(CMC) – Scientists monitoring the La Soufrière volcano say several lahars were recorded on Tuesday even as seismic activity has remained low with only a few long-period, hybrid and volcano-tectonic earthquakes having been recorded in recent times.
A lahar is a rapidly flowing dense mixture of rock debris, ash and water. They have the consistency of wet concrete as they flow and can happen during and after eruptions.
The Seismic Research Centre (SRC) of the University of the West Indies (UWI) said that signals from several lahars were recorded on Tuesday during and after a period of rainfall.
“Following the rainfall, large amounts of steam could be seen billowing up from a valley south of the summit. This would have been generated when the runoff encountered buried volcanic deposits that were still hot.
“The volcano continues to erupt. Explosions with accompanying ashfall, of similar or larger magnitude, can restart with little or no warning. The volcano is at alert level Red,” the SRC added.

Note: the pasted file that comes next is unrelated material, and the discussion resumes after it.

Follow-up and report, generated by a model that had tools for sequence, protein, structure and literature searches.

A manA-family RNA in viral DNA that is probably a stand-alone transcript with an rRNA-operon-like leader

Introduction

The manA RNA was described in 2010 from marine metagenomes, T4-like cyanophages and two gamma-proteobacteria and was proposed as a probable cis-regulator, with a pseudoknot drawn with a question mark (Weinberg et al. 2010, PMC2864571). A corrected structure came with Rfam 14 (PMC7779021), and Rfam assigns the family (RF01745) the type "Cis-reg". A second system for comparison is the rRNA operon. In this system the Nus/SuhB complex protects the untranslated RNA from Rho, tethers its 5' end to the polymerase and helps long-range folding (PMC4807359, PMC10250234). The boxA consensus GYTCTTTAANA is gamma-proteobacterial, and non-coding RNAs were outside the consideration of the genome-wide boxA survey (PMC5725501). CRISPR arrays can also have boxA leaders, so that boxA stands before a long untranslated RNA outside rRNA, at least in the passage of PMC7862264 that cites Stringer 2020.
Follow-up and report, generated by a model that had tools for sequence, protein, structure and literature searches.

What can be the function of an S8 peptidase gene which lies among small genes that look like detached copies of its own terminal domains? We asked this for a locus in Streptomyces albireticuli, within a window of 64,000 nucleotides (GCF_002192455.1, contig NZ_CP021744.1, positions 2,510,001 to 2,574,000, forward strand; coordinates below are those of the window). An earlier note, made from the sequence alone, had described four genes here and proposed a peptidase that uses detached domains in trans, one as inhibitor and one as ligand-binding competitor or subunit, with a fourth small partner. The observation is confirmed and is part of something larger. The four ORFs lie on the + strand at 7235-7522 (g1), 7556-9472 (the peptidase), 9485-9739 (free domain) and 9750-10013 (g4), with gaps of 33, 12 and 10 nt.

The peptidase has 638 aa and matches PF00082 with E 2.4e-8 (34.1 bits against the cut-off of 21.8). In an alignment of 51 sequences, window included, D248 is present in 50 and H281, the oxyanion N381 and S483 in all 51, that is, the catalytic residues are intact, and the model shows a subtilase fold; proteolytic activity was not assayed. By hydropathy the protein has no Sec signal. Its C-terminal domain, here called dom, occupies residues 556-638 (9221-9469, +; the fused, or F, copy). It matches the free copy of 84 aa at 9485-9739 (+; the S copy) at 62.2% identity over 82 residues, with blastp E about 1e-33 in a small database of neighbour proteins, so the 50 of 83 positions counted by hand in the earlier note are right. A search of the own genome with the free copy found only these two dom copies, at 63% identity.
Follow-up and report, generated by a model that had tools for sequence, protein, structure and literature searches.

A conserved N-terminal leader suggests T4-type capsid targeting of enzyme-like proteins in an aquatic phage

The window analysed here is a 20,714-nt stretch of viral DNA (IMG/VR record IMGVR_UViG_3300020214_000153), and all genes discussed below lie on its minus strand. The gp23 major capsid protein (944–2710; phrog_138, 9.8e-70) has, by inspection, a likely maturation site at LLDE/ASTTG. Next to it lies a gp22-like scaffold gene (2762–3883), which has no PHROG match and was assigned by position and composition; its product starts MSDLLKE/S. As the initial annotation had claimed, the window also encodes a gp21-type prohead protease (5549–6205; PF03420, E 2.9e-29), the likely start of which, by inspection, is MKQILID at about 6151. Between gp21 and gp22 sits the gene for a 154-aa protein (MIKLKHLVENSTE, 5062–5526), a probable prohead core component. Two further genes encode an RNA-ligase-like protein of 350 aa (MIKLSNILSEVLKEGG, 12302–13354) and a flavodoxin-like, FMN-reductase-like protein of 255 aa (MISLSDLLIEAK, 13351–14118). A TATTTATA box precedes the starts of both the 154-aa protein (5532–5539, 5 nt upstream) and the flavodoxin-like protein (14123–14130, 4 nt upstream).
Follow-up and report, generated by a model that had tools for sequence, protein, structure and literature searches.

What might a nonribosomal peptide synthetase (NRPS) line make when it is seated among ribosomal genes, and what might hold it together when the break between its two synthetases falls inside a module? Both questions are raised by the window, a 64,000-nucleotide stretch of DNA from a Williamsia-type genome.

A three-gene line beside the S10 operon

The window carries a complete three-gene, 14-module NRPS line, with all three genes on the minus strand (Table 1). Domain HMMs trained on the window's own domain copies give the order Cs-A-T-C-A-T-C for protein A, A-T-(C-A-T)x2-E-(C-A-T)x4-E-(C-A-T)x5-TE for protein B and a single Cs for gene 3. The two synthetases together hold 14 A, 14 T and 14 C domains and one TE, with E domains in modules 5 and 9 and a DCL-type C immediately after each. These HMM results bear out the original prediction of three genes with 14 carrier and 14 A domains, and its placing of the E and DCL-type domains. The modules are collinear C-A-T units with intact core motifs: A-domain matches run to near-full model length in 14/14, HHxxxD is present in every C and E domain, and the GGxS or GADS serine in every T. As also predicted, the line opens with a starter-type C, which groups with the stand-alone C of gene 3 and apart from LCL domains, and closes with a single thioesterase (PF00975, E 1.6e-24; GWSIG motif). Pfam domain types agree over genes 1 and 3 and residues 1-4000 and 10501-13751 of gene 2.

The National Emergency Management Organisation (NEMO) says as a result of the mud flows, “the Royal St Vincent and the Grenadines Police Force will be restricting person travelling into the Red and Orange Hazard Zones.”
NEMO further noted that the St Vincent and the Grenadines Meteorological Services had said that occasional showers were expected to continue during the course of the day and from late Wednesday into the end of the week.